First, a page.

Putin’s land grab, which is a blatant violation of international law, will further isolate Russia, triggering new Western sanctions. But Putin nonetheless appears to hope that a long, brutal war will eventually fray Western support for Ukraine and curtail military and economic aid that is providing a lifeline to Kyiv.
The Russian men fleeing mobilization, and leaving everything behind
One of the few viable diplomatic channels remaining is between Russia and Turkey, but even Turkish President Recep Tayyip Erdogan, who helped broker a recent prisoner exchange between Russia and Ukraine, has voiced disapproval of Putin’s recent steps.



After Russia orchestrated the referendums with implausible results claiming overwhelming support for annexation, Erdogan said the voting brought “troubles,” and he lamented that the conflict had not been resolved through diplomacy.
Erdogan was due to speak to Putin late Thursday, likely too late to persuade him to change course if that were ever possible. “These kinds of ventures strain the efforts for diplomacy and lead to the deepening of instability,” Erdogan said, referring to the staged referendums and the military mobilization.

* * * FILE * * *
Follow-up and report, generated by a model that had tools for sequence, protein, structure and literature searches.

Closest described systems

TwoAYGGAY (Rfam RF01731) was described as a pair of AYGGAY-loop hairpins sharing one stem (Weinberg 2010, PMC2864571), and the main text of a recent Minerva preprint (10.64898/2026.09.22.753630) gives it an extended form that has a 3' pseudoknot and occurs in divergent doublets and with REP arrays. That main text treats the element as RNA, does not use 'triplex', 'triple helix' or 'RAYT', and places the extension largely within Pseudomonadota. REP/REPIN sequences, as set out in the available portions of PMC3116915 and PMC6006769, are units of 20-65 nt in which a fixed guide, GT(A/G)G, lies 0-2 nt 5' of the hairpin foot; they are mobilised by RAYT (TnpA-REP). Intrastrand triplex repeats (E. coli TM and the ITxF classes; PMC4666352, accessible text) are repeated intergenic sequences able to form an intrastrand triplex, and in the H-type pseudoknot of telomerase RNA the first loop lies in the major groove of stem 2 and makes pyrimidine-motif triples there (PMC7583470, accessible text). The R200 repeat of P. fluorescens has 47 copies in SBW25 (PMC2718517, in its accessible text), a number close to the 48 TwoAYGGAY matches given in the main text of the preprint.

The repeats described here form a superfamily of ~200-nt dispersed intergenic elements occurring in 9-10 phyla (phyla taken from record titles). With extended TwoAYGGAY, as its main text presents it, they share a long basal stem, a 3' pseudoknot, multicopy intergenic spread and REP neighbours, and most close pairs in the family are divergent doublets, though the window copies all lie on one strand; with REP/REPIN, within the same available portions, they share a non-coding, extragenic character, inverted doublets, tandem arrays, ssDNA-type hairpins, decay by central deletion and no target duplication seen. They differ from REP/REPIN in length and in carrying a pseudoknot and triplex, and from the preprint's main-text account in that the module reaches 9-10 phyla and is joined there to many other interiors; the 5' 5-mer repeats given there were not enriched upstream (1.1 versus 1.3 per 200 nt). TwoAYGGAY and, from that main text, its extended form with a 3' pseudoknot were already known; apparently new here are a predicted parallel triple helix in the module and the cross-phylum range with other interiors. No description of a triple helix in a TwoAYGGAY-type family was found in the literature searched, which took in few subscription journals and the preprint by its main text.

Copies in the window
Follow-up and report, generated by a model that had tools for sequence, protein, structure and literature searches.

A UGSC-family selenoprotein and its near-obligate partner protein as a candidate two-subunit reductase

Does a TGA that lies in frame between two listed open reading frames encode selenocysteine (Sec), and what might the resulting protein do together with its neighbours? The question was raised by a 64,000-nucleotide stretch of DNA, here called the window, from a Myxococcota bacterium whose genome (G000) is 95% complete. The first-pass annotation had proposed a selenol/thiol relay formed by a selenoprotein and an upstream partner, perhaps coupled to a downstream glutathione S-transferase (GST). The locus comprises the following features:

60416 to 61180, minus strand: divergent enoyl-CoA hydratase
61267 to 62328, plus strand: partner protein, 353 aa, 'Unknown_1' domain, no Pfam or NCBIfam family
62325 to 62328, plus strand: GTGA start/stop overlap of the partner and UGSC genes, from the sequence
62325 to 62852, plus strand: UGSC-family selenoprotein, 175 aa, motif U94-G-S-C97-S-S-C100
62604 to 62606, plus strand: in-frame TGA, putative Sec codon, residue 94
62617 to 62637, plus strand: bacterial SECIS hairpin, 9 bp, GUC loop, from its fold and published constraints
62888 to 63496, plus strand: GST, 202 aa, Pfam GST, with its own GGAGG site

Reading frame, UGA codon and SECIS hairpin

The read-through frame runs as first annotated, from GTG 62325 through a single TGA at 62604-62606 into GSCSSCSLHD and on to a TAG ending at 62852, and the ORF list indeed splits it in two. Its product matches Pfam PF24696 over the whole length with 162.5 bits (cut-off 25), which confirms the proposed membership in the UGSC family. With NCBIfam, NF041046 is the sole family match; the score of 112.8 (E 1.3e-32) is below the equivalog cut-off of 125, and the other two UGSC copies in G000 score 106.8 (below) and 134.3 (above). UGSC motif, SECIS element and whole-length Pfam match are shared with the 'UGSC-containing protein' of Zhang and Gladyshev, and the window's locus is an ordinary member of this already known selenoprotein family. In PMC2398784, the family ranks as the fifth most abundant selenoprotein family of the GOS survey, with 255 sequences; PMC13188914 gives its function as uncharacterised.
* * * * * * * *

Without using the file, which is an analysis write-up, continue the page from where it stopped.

Russia’s proxy leaders from the partially occupied regions traveled to Moscow on Wednesday ahead of the signing of the so-called accession treaties.

And in a sign of the hoopla in Moscow, the state-controlled Rossiya 24 news channel started broadcasting a countdown clock, showing the hours and minutes until Putin’s scheduled announcement at 3 p.m. local time (10 a.m. Eastern). Russia’s rubber-stamp parliament, meeting Monday and Tuesday, is certain to approve the treaties and then adopt amendments to the constitution to formalize the annexation, in a process mirroring that of Russia’s illegal annexation of Crimea in 2014.


Adding a dash of patriotic theater to Friday’s proceedings, the Kremlin announced that a gala concert would be held in Red Square on Friday after the signing of the treaties.
The concert mimics a similar event in 2014 when Putin appeared onstage after Russia had seized Ukraine’s Crimea region. It was part of an effort to whip up public euphoria over reclaiming the peninsula, which a majority of Russians viewed as historically belonging to them.

The annexation of Crimea, a popular Russian holiday destination, propelled Putin’s approval rating to a record high 89 percent in 2015. But public sentiment is unlikely to be as strong for the takeover of the four new regions.
Multiple Russian setbacks in the war have exposed the poor shape of Russia’s military and left Putin more vulnerable than at any time in office. He has been criticized from the right by pro-war hawks furious over the military missteps as well as the bungled mobilization, and from the left by opponents of the war.